In addition to this acknowledgement of the total nature of our interconnectedness, of the universality of our true circle of concern, Judith wants us to recognize that within any circumscription of the self, there is conflict, there is a plurality of entities united by a bond that is fraught, that is ambivalent, that has the potential to explode into violence, and the choice of nonviolence is only meaningful in light of that ever-present temptation toward violence. This should be clear enough in the case of families and neighbors, where closeness can and does result in clashes, but it’s also true even within the skin of one individual, as we covered in our episode on suicide. According to Freud (Judith’s book discusses the Freudian Melanie Klein extensively on this point), as part of our development we internalize the objects of our affection. First and foremost, when the mother stops being ever-present to her baby, that baby creates a sort of mother-object within his or her psyche, which will then be subject to rage (because the mother is gone), guilt (about that rage), need and affection, resentment (about that need), etc. All love involves hate, all need involves resentment and rage at the present of need, and we need to channel that rage and hate somehow. Judith recommends not passivity but forceful non-violence, or what Gandhi calls Satyagraha, “polite insistence on the truth.” The goal of this type of political action is conversion, not coercion, and it’s communication and respecting even a hated other as a grievable equal that provides a real contrast to violence. Though she does not insist on an absolute avoidance of violence in all circumstances, the moral goal should be to recognize the potential for violence at each moment and to choose otherwise.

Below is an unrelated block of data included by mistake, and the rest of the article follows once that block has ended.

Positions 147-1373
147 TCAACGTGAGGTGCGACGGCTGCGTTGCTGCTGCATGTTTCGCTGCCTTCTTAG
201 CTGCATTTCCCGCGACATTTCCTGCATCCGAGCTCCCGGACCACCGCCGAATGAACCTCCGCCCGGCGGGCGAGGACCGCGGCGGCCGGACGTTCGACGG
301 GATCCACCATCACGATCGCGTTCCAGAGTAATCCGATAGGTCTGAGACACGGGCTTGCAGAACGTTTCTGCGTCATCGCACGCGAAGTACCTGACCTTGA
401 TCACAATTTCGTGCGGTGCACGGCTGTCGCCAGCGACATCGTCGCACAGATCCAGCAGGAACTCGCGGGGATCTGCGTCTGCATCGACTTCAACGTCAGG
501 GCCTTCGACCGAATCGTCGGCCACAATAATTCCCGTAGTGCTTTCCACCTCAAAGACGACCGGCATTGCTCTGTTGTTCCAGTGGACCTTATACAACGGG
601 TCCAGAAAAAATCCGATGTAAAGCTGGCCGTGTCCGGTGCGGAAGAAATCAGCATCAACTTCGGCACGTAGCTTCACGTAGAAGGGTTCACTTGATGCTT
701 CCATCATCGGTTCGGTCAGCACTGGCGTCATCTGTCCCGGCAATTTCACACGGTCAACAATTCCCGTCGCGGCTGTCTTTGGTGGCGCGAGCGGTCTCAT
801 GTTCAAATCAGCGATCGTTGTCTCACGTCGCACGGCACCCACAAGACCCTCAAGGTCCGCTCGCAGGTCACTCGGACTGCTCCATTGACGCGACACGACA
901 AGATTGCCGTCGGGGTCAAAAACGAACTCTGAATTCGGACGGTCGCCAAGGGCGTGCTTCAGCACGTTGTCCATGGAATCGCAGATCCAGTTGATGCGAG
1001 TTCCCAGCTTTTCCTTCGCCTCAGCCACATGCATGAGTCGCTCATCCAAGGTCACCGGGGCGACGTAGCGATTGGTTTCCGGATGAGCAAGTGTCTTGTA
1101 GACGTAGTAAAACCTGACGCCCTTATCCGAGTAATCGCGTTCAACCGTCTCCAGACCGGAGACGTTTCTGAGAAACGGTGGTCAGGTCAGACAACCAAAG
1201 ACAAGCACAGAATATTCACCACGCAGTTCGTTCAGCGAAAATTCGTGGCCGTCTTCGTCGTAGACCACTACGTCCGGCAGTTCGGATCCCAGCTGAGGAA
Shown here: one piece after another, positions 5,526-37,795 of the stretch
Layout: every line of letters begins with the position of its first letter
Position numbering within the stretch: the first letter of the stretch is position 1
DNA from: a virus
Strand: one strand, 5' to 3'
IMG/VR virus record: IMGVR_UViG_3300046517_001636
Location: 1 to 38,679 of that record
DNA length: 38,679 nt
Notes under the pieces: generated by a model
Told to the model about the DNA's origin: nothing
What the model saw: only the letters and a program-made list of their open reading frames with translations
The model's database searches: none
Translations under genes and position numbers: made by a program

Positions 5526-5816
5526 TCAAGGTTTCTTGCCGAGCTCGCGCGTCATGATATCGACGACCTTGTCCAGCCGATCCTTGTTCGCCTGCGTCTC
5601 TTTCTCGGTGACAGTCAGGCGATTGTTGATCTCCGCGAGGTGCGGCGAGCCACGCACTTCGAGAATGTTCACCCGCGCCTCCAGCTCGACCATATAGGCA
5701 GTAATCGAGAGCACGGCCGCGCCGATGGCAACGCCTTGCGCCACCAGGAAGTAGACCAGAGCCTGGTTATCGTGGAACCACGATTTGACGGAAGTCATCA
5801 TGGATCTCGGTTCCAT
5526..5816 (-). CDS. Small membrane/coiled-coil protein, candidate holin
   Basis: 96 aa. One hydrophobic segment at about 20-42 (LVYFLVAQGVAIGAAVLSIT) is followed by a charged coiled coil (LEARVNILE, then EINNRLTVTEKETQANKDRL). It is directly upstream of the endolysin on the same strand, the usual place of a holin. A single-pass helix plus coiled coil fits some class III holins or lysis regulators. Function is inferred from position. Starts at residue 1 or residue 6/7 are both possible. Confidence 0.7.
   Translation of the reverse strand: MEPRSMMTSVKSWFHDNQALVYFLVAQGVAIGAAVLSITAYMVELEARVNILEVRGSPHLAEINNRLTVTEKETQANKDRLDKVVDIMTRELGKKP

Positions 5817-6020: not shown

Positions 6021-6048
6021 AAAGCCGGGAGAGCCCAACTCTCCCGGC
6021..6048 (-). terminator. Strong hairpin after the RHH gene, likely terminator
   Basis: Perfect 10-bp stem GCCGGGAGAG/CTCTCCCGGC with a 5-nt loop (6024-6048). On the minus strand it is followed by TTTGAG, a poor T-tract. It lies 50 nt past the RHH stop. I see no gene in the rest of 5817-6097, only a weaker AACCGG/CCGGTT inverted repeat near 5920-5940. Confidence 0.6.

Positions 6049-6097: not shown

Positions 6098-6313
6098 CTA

Mark, Seth, and Wes interview Judith here as a follow-up to our discussion of her earlier book, Gender Trouble (1990), and we tried to connect the two works, as both are about forming an identity and draw heavily on psychoanalysis in giving explanations of how this takes place. We learn that Judith is our first guest to have been burnt in effigy; this was over her stance on gender, which as an example of the warped self-defense logic described above, has been taken as an attack on humanity itself. The attack on individualism also serves to help us understand the upshot of that book: Its point was not that each of us can artistically just choose to break tradition and display whatever gender performance we want; it was a challenge to an unjust binary system that regarded those non-conforming as outside of legitimate humanity.
In ep. 237 we’ll be considering Walter Benjamin’s 1921 essay “Critique of Violence,” which provides key inspiration for this book; in the latter half of that episode we give Butler’s interpretation of Benjamin to supplement the current discussion. Another point of reference for Butler is the strong notion of equality as requiring adequate social support for every individual’s ability to act as a citizen that’s evidenced in Elizabeth Anderson’s “What Is Equality?” which we discussed in ep. 199. For more about the psychoanalytic ideas discussed, check out Wes’s (sub)Text discussion on Freud and our subsequent treatment of the structures of the self in Kristeva.
End song: “Dancing with Death” by Noctorum as discussed on Nakedly Examined Music #111 with Marty Willson-Piper (better known as guitarist for The Church).